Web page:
The state of the XML tool universe is…strange.
In one corner, we have enterprise tools with enterprise price tags and enterprise implementation costs. This corner consists of the following
- Big, expensive content management systems (think Vasont and Documentum)
- Big, expensive served-based content production systems (think Arbortext)
- Massive, expensive implementation effort
And in the blue corner? Open source tools for those of you who like to tinker (or “basteln” as the Germans say):
- Open source content management
- Open source XML editors (list includes commercial, free, and open source tools)
- Open source XSL processors (Saxon, FOP)
- Massive tinkering to glue everything together
In the middle? A couple of commercial tools that offer:
- Lower implementation cost
- Less automation than the enterprise level
- More production-ready out of the box than the free stuff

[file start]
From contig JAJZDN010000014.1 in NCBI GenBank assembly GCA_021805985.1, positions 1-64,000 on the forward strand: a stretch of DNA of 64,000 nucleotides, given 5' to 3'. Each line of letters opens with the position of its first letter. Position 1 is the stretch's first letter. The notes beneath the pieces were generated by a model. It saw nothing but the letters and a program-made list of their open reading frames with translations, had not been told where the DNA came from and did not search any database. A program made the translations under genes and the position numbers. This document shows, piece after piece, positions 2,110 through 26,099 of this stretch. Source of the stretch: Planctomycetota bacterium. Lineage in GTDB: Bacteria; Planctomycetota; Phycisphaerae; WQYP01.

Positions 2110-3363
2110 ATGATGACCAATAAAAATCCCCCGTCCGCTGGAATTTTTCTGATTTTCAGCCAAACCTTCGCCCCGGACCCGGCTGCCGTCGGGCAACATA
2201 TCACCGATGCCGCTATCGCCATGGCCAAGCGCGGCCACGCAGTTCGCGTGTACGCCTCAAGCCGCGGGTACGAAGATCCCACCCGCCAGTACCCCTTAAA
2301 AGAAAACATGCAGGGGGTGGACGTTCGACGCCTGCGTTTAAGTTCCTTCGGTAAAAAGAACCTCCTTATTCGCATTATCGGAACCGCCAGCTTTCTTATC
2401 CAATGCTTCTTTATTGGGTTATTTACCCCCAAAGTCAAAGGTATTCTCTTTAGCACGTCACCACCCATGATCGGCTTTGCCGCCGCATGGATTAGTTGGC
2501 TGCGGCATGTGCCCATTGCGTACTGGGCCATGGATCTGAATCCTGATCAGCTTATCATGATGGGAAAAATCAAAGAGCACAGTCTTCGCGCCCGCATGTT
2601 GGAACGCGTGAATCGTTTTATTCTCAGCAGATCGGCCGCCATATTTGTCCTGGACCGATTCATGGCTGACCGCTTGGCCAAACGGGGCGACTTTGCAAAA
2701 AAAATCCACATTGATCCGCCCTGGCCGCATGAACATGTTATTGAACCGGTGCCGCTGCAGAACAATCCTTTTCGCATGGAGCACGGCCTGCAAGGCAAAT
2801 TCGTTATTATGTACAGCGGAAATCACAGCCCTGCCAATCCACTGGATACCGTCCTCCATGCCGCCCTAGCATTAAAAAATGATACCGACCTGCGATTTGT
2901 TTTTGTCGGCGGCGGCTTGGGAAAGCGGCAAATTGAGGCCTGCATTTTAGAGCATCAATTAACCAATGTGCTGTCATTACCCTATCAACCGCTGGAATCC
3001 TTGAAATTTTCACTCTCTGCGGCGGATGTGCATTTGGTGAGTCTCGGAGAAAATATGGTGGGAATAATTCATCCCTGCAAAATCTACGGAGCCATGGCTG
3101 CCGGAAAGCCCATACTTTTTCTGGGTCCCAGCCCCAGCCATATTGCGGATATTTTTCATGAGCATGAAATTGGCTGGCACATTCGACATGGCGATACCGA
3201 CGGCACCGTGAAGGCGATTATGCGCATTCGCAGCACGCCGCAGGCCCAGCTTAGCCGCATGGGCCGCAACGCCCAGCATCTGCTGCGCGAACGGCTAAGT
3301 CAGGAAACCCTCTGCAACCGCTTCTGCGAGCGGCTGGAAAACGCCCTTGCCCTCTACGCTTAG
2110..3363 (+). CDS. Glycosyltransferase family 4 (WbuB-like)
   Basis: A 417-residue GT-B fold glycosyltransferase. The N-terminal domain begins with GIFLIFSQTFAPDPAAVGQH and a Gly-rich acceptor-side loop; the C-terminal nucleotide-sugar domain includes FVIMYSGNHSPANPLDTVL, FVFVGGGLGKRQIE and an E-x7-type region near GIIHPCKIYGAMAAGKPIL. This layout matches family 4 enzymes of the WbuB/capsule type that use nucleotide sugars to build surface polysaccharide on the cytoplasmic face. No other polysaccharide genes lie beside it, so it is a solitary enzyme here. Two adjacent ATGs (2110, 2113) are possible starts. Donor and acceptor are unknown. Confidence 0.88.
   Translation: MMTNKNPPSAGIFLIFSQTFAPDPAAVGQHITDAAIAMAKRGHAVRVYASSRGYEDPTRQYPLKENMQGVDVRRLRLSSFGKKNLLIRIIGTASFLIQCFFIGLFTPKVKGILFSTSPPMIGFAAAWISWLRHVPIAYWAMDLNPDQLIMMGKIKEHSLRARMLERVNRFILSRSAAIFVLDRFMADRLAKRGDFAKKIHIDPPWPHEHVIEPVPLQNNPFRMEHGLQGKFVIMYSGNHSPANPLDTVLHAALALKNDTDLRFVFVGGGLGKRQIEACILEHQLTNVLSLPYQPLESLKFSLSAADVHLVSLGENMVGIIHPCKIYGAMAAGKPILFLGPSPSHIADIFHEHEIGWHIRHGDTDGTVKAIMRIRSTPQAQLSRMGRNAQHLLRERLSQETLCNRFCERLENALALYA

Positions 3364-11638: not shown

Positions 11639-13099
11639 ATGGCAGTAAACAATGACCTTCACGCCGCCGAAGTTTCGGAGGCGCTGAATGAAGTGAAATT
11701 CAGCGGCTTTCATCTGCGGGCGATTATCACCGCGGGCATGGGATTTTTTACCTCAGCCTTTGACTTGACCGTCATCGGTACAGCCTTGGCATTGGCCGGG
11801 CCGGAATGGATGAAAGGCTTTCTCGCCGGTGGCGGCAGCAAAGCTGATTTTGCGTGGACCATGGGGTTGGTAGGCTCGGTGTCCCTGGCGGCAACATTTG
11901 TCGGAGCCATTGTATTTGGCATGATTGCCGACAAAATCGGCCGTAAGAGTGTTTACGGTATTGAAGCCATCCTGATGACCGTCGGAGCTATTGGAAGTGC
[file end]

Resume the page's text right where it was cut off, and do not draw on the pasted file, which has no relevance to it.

Finally, we have the category of Tools that Save Content in XML But Aren’t XML Authoring Tools. These include AuthorIT and the not-yet-released MadCap Flare. They are either XML-based (Flare) or can produce XML (AuthorIT). But they do not meet my definition of an XML authoring tool, a tool that allows you to define a structure and then create content that follows your structure.
All in all, the current state of the tools just seems odd. The vast majority of content creators who need XML must fall somewhere between the extremes of enterprise-level implementation and the “build-your-own” approach. And yet, the buzz seems to be at the edges or with the We Produce XML Files category.
What am I missing?